With $115 million in seed funding from
an offshore equity partner, Sydney-based Shearwater Capital has begun targeting
illiquid credit and special situations investment opportunities in the domestic
corporate and real estate sectors. In June 2008, the manager, whose four
co-founders have experience in both funds management and investment banking,
was seeded by the US$3 billion Reservoir Capital Group, a

US manager that
invests stakes in new private equity and hedge fund managers, in addition to
running its own portfolios.

Shearwater focuses primarily on the Australian
corporate and real estate markets, aiming to capitalise on liquidity stress by
investing in a wide assortment of illiquid debt instruments, such as performing
and non-performing debt portfolios, distressed debt and mezzanine debt. “We’re
agnostic on industry, and we’re prepared to look through the capital structure,
debt and equity,” Gary Stead, a co-founder, said.

Shearwater will invest in
out-offavour assets that have become illiquid or are undergoing fundamental
change, and well-performing companies experiencing some form of liquidity
stress, for periods of between two and four years. It will not seek controlling
stakes in order to avoid any board disputes or litigation that might arise. “The
best protection in credit and equity is being associated with good businesses.

You can invest in a company and not lumber them with a massive coupon.” This
type of strategy is a “welltrodden path” in the
Europe and Asia, but Shearwater was the first such manager established in

Stead claimed. The manager saw the bursting of the debt bubble and consequent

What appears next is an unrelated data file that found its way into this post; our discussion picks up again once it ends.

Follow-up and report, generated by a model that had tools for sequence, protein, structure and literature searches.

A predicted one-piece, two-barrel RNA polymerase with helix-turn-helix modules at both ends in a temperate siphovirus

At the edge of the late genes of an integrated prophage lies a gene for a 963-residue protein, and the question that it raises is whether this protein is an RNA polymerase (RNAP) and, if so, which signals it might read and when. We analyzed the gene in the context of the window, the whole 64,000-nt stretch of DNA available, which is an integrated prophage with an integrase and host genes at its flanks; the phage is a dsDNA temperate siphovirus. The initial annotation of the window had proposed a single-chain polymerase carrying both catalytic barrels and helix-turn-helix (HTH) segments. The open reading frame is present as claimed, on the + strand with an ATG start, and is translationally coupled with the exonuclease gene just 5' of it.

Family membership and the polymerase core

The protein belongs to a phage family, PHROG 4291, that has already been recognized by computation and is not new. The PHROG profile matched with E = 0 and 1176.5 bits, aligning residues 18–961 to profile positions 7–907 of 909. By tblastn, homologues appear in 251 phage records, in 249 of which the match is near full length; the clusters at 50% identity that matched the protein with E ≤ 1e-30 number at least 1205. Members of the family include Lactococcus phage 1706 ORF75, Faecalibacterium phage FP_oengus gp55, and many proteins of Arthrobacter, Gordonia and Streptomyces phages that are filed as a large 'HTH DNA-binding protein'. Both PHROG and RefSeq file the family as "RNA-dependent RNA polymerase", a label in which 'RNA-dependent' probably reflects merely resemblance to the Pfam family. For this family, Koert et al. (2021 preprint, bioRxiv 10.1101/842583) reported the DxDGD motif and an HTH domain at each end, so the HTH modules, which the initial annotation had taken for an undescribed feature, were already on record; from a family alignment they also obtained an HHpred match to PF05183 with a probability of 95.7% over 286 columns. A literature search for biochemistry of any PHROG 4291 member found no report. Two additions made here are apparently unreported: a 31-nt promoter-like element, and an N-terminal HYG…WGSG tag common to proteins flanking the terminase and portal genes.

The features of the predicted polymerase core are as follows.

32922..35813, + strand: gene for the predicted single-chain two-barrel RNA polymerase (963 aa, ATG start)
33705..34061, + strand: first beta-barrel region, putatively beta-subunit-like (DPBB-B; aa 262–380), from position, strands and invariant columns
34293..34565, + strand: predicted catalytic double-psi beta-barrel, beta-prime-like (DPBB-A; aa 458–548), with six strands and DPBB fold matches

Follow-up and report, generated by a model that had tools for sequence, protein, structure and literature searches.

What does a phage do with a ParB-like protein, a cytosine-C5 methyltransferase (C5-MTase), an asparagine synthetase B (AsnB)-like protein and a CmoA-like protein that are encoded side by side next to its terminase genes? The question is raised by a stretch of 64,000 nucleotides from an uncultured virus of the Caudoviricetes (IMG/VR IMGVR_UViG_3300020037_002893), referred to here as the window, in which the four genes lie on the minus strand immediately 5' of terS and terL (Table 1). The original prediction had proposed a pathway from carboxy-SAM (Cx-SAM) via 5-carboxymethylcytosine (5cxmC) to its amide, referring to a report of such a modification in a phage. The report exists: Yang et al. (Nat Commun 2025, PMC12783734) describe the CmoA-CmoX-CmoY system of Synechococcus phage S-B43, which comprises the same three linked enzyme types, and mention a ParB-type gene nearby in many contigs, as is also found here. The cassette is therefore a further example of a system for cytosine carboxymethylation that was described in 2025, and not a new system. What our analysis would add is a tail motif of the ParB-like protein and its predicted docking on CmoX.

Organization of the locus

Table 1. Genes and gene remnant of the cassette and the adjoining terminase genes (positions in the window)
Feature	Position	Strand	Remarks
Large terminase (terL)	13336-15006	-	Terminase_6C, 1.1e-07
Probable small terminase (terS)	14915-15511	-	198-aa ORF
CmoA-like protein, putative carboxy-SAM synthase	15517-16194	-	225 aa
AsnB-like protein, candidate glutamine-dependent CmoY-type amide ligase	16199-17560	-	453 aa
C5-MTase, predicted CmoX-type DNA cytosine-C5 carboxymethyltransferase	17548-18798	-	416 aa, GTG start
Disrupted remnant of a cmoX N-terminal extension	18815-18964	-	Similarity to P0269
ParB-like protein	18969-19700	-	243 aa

draining of liquidity from the global financial system as a structural change
in the economy.

“We don’t see this as a blip. We’ve had around 17 years of a
lot of credit that was underpinning a certain growth rate. Going forward, we
won’t get access to this credit,” Stead said. “It’s not a window of opportunity
but more of a fundamental change in [economic] growth and access to credit.” The
careers of three of the cofounders overlapped at Merrill Lynch during the Asian
financial crisis. “The Asian crisis hit distressed companies, but this time
good companies are finding it hard to access capital,” Welch said.

Back then,
there were pockets of liquidity, which flowed out of the
US, Middle East and
and into opportunistic trades in
Asia. This
time, however, surges of foreign capital into stressed markets have not come. “Investors
and banks are focusing on their own markets,” Stead said. Shearwater’s
relationship with Reservoir, which holds a minority equity stake in the
manager, could give it access to other managers seeded by the

US company for
potential co-investment deals.


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